Things you would never want said about your website shopping experience:
These are direct quotes taken from real shoppers included in a recent study from Christian Holst, co-founder of the Baymard Institute, on the state of online product filtering and discovery.
The study reveals that only 16% of major, multi-million dollar ecommerce sites offer a reasonably good filtering experience. In an era where the shopper gets what the shopper wants, this should be a wake-up call to retailers that this vital part of the consumer shopping experience is not where it needs to be.
The unfortunate situation is that many of these great retailers have all the right products, but under-optimized ways for shoppers to navigate their inventory in an easy and inspiring way.
We were excited to have the opportunity to ask Christian for some additional insights on his ecommerce filtering research, and he’s got some valuable nuggets of advice that could help transform the online shopping experience retailers present to their shoppers!
Edgecase: In your opinion, why has ecommerce filtering been so slow to evolve to meet shopper demands? And how do you think those demands are evolving? (i.e. do they expect to be able to shop the way they do in-store?)
Holst: In our almost year-long research study on ecommerce filtering, we’ve found that getting the users’ filtering experience right requires a unity of having the needed filters available (product data structure), the right filtering interface, and the correct filtering logic (ecommerce platform). If just one is lacking, the users’ filtering experience will be shattered. Some of the major retailers we talk to say they have tried investing heavily in proper data structures and tagging without getting any results. Upon closer investigation, it turned out this was because of filtering specific issues with the User Interface (e.g. using a poor truncation design) or due to a limitation in an ecommerce platform’s filtering logic (e.g. not allowing multiple filter values of the same type to be combined). My point being, optimizing filtering requires a holistic approach, and will often need to involve simultaneous changes within both product data management, interface design, and platform logic to pay off.
Edgecase: Do you feel there has been a shift in shoppers’ impatience with under-optimized parts of the shopping experience?
Holst: We’ve been running large-scale usability studies on ecommerce sites for the past six years and there’s a clear increase in user impatience towards poor site flows, poor designs, and even temporary quirks. Users are simply spoiled by multi-million dollar investments in UX by Facebook, Amazon and Google, and have the same set of expectations when at other large- and mid-sized ecommerce sites. (Very small niche sites and individual artist sites being an exception, where users often have noticeably lower expectations.)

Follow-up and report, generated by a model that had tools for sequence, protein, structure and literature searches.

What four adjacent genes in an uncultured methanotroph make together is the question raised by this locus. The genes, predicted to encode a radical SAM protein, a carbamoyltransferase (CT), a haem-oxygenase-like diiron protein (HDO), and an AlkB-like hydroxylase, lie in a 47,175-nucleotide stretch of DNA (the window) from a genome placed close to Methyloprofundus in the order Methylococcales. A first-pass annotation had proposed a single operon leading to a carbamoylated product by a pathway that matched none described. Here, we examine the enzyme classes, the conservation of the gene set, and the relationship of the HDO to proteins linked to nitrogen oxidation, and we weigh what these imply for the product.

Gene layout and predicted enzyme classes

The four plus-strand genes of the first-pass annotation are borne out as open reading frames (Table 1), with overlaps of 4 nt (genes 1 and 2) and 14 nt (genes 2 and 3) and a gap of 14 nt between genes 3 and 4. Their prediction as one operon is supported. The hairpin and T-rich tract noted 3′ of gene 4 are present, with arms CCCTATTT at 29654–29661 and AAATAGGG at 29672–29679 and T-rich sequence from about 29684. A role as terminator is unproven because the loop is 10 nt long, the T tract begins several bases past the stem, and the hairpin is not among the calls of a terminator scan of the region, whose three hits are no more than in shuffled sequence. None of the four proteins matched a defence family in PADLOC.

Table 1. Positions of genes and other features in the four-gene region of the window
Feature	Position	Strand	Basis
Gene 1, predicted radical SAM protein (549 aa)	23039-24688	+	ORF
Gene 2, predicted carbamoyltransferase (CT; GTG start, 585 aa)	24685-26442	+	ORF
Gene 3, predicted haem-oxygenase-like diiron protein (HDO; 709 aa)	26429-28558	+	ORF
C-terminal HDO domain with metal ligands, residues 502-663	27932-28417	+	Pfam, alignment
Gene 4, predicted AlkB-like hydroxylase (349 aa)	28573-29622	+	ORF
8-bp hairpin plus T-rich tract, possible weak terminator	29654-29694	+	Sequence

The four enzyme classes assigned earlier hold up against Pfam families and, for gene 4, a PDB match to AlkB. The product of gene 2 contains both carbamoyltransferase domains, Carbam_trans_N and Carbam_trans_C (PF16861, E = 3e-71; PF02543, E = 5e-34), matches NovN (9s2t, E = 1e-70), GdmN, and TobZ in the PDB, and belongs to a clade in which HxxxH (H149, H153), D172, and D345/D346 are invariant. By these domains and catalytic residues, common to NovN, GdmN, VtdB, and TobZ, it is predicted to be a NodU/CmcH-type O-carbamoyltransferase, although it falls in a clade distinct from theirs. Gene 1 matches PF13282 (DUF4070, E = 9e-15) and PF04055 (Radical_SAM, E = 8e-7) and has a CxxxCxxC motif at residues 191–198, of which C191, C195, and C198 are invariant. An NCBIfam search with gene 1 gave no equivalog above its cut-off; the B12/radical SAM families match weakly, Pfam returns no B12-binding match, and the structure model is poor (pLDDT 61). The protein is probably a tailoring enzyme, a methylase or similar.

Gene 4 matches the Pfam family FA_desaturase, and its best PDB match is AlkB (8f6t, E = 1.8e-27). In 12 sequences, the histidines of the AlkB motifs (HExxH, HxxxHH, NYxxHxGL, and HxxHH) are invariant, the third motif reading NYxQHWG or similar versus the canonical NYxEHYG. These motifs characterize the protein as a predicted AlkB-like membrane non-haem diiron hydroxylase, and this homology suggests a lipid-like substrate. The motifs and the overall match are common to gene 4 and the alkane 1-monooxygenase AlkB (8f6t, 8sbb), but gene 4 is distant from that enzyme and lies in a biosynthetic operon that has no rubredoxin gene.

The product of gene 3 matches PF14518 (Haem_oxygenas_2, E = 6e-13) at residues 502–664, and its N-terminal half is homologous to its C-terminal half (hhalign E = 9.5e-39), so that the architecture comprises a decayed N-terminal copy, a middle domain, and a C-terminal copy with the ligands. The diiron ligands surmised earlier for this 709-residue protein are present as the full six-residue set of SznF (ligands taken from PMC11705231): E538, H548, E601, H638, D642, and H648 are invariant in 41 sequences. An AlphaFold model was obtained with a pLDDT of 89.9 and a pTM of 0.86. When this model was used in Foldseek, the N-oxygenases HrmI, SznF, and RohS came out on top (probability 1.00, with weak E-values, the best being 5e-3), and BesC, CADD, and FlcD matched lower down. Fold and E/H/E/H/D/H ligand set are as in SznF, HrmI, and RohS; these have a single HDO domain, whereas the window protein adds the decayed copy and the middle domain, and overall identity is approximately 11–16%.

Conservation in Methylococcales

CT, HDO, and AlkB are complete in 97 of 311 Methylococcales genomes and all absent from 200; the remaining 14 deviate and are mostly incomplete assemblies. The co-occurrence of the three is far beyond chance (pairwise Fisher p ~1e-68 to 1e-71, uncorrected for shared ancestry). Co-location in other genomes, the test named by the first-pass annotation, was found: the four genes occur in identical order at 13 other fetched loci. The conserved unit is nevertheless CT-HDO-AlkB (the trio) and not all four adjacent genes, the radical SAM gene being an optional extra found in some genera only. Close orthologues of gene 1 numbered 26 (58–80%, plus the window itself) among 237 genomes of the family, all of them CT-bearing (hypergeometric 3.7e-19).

Edgecase: What is the number one offense a retailer makes with its ecommerce site filtering capabilities, and how can they improve?
Holst: Unfortunately, there’s not just one. Our most recent benchmark reveals that when measured across 1,750 manually reviewed filtering UX parameters, 84% of the top 50 U.S. ecommerce sites have a mediocre or poor filtering experience. [Tweet This] The most common culprits being a lack of key filtering options, poor filtering designs, and filtering logic that doesn’t align with users’ expectations. Within the lack of key filtering options, category-specific filters are among the worst offenses – see #1 in my blog on Macy’s Filtering Experience. For filter logic, another offense is not allowing users to apply multiple filters values of the same type – 32% of retailers don’t allow this! (See #3 in that same blog.) With regards to filtering design, yet another offense is an unclear “Applied” filter state. I encourage you take a look at my blog on How to Design Applied Filters for more information. But the list of offenses goes on…
Edgecase: What are the biggest obstacles to implementation when retailers begin to rollout or optimize category-specific filters?
Holst: Category-specific filters require ongoing evaluation. As a product category is added or the product type evolves over the year, category-specific filters will evolve as well. Take televisions as an example – before flat-panel TV started to become really thin, a specification like “display depth” existed but wasn’t something the average TV shopper would consider. As the product type evolved, display depths have become a major purchase parameter for some TV buyers and will need to be a category-specific filter type in a retailer’s TV category moving forward.
The curation of what product specs need to be offered as category-specific filters will evolve over time. While obviously applying for consumer electronics, this also occurs in other domains as well such as apparel and home furnishings as styles and trends are constantly changing.